You should also check the array in spring so that any defective panels are replaced before the peak production period of the year. 

What Can I Do About It? 

There are several things you can do to protect yourself and improve the life of your solar system:

  • Only buy from well-known and financially stable solar panel brands. Panels from these brands are more likely to survive in the long run, and the companies can therefore honor their warranties. Bloomberg's top 10 solar brand list is helpful, although individual models of panels also matter. 
  • Store your warranty information in a safe place. You might need it, even if it's 25 years down the line! 
  • Have your system checked every year. Make sure an accredited solar system maintenance company does this. They can check your system data remotely and conduct visual and thermal imaging inspections. 
  • Visually inspect your array. Even climbing up a ladder and running an eye over the panels every few months will help keep an eye on apparent damage or soiling. 
  • Keep an eye on your array's output. Inconsistent output is a warning sign of panel degradation. 

Is It Possible To Extend Your Solar Panels' Lifespan?

While it's not possible to extend the maximum lifespan of your solar panels, it is possible to slow down their degradation rate.

Unfortunately, no. You cannot extend your solar panels' lifespan; you can only replace them.

How Do You Get Your Solar Panels Replaced?

Replacing your old solar panels is straightforward. All you need to do is contact an installer and get your system surveyed so they can assess the work required to replace the panels. The installer can then prepare a quote for you to consider. 

Once the installers have replaced your system, request proof of it being checked, tested, and its compliance with any local, state, or federal codes. 

What Will Happen To Your Old Solar Panels?

Solar panels face recycling challenge

There are a few options, depending on where you live. Hopefully, solar panel recycling is an option in your area. Otherwise, your solar panels will end up as solid waste in landfills. 

Recycling yields many local and national benefits, not the least of which is the recovery of rare strategic metals. In addition, recycling solar panels save energy, creates jobs, and reduces landfill. There are many solar panel recycling schemes in the US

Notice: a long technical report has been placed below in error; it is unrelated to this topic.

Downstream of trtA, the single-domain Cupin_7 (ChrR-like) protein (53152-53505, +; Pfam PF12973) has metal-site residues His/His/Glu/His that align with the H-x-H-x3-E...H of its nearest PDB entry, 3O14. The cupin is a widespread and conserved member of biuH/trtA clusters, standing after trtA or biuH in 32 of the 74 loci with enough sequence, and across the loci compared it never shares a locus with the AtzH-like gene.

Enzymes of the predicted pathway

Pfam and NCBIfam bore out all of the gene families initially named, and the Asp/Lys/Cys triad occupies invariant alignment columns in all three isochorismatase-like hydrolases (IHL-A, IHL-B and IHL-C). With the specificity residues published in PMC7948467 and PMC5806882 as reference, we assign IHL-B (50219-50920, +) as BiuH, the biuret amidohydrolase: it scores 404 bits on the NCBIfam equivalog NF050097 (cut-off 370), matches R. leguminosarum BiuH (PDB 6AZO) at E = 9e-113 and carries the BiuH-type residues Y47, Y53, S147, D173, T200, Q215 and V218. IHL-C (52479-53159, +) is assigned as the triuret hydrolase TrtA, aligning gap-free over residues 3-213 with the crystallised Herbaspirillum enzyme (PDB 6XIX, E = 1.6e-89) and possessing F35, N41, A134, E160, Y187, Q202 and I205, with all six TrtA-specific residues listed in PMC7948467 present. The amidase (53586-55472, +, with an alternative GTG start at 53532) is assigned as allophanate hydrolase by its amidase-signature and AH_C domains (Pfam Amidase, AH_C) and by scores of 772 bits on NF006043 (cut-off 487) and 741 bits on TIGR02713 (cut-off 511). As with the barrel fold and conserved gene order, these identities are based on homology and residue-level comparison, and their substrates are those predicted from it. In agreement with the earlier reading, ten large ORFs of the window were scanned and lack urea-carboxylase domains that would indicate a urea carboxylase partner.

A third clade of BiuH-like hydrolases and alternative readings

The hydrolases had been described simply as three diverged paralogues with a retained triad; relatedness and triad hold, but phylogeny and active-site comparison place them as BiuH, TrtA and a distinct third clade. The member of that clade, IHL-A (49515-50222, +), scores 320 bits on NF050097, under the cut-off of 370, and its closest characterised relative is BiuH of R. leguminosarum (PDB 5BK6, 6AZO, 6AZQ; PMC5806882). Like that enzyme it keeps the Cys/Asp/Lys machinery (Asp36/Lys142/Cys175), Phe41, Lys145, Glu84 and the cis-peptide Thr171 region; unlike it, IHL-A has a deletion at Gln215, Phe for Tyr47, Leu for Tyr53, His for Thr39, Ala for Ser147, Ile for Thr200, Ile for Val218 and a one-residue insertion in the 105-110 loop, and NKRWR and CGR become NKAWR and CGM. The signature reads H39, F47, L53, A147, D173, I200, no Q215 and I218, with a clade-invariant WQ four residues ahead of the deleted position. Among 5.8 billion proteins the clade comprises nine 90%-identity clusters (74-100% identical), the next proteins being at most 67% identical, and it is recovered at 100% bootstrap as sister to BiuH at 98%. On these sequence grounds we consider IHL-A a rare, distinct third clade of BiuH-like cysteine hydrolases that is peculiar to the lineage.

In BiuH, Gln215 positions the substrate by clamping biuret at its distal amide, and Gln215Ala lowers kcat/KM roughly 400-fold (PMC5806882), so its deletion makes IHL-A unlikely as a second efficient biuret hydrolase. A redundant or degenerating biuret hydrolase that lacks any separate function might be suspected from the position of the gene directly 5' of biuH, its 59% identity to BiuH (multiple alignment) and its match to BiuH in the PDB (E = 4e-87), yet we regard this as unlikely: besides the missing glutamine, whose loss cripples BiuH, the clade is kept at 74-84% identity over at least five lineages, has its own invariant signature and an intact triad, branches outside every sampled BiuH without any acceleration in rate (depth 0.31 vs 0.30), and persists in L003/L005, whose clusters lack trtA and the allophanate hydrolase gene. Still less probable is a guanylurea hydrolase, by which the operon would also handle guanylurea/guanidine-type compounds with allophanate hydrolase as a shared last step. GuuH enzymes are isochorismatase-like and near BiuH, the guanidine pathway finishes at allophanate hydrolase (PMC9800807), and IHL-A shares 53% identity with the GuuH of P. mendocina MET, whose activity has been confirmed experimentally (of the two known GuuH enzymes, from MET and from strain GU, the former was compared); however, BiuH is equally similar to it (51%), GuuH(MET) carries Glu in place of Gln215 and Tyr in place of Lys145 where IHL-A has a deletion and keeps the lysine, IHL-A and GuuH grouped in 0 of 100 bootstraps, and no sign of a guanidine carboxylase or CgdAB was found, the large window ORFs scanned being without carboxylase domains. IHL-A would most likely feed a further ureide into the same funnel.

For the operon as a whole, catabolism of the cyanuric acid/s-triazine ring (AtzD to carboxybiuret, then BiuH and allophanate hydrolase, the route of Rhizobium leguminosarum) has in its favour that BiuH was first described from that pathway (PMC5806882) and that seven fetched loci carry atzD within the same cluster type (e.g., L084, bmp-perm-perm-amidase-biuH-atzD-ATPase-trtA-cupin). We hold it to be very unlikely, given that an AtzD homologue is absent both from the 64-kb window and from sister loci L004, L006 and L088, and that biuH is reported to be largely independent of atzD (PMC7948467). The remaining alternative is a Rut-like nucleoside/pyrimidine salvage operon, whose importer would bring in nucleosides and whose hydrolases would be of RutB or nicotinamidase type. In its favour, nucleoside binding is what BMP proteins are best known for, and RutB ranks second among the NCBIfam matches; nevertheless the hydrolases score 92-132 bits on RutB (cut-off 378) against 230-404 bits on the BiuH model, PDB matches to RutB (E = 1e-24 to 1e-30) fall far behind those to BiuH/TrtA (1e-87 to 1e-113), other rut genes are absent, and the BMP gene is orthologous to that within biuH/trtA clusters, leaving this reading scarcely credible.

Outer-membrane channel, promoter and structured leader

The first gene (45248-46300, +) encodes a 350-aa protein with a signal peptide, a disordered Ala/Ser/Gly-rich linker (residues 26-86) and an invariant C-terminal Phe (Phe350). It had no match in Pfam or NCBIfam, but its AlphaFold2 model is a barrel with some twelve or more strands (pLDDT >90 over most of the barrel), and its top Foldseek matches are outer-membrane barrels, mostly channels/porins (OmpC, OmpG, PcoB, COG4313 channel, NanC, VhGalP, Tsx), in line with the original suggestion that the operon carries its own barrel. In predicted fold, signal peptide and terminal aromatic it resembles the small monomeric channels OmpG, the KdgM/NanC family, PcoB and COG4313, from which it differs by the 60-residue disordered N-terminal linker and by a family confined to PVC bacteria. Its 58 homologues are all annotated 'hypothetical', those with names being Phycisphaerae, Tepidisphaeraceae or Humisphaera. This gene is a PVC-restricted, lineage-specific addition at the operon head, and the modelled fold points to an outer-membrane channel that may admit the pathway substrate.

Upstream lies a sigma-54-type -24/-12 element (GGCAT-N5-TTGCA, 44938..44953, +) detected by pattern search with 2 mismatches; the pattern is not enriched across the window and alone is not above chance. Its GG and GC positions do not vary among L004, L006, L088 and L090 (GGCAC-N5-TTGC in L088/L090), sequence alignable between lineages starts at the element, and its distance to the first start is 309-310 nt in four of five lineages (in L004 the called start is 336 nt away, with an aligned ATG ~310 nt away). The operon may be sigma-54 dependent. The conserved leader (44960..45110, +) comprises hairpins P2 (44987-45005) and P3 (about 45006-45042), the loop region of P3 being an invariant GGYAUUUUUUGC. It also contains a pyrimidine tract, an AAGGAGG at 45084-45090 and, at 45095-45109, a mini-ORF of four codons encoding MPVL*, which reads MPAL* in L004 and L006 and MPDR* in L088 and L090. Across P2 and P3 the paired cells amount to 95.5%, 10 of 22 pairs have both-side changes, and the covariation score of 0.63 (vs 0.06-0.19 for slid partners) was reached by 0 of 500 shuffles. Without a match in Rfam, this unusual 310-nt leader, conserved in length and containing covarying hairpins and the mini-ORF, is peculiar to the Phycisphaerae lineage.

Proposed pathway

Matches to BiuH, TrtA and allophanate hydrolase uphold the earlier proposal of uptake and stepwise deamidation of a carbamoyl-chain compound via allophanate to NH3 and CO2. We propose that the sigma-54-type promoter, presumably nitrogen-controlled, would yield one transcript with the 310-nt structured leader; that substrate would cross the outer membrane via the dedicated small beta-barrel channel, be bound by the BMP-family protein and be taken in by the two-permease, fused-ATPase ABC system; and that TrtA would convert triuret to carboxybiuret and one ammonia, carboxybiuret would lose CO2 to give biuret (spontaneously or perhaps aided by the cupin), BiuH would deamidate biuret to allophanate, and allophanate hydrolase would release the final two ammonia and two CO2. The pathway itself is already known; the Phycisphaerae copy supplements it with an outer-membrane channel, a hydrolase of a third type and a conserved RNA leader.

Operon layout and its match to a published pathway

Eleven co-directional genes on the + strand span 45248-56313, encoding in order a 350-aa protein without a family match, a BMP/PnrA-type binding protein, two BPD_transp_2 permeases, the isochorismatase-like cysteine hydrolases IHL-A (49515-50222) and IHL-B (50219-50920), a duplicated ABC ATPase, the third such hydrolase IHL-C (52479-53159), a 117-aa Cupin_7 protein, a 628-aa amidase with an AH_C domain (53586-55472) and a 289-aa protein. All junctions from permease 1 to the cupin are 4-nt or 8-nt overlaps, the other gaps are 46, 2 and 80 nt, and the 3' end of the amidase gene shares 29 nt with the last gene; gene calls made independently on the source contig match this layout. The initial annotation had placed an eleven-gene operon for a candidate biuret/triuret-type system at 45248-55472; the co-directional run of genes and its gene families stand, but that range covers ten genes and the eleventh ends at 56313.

Solar Panel Recycling Steps

  • Mechanical separation
  • Thermal processing 
  • Silicon wafer recycling

Material separation: solar panels are made of several different components, so these components are disassembled. The panel's aluminum frame and glass casing are taken apart. The aluminum frame and the glass front sheet can be almost totally recycled.

Thermal processing: the laminated solar stack is then placed inside an oven. At 900°F, small plastic components evaporate, and the silicon cells can be physically separated. Around 80% of the plastic is recoverable, although some of this plastic is used as fuel for the oven. 

Silicon wafers recycling: the solar cells are etched away and smelted into reusable silicon slabs. 85% of the silicon is repurposed for new solar panels, and 15% of it is lost in the process.

Thin-Film Panel Recycling

A separate process is used to recycle thin film panels due to the different materials in them. Thin-film panel recycling is essential because of the very rare semiconductors present in the panels. 

Final Thoughts

Solar panel lifespan is a crucial concern for homeowners considering buying a solar system; you can carry out number of simple things to maintain the lifespan of your solar system. 

The industry standard lifespan is around 30 years, but some brands out there do have lower-quality products. 

In the end, we suggest you speak to a local supplier and/or shop around.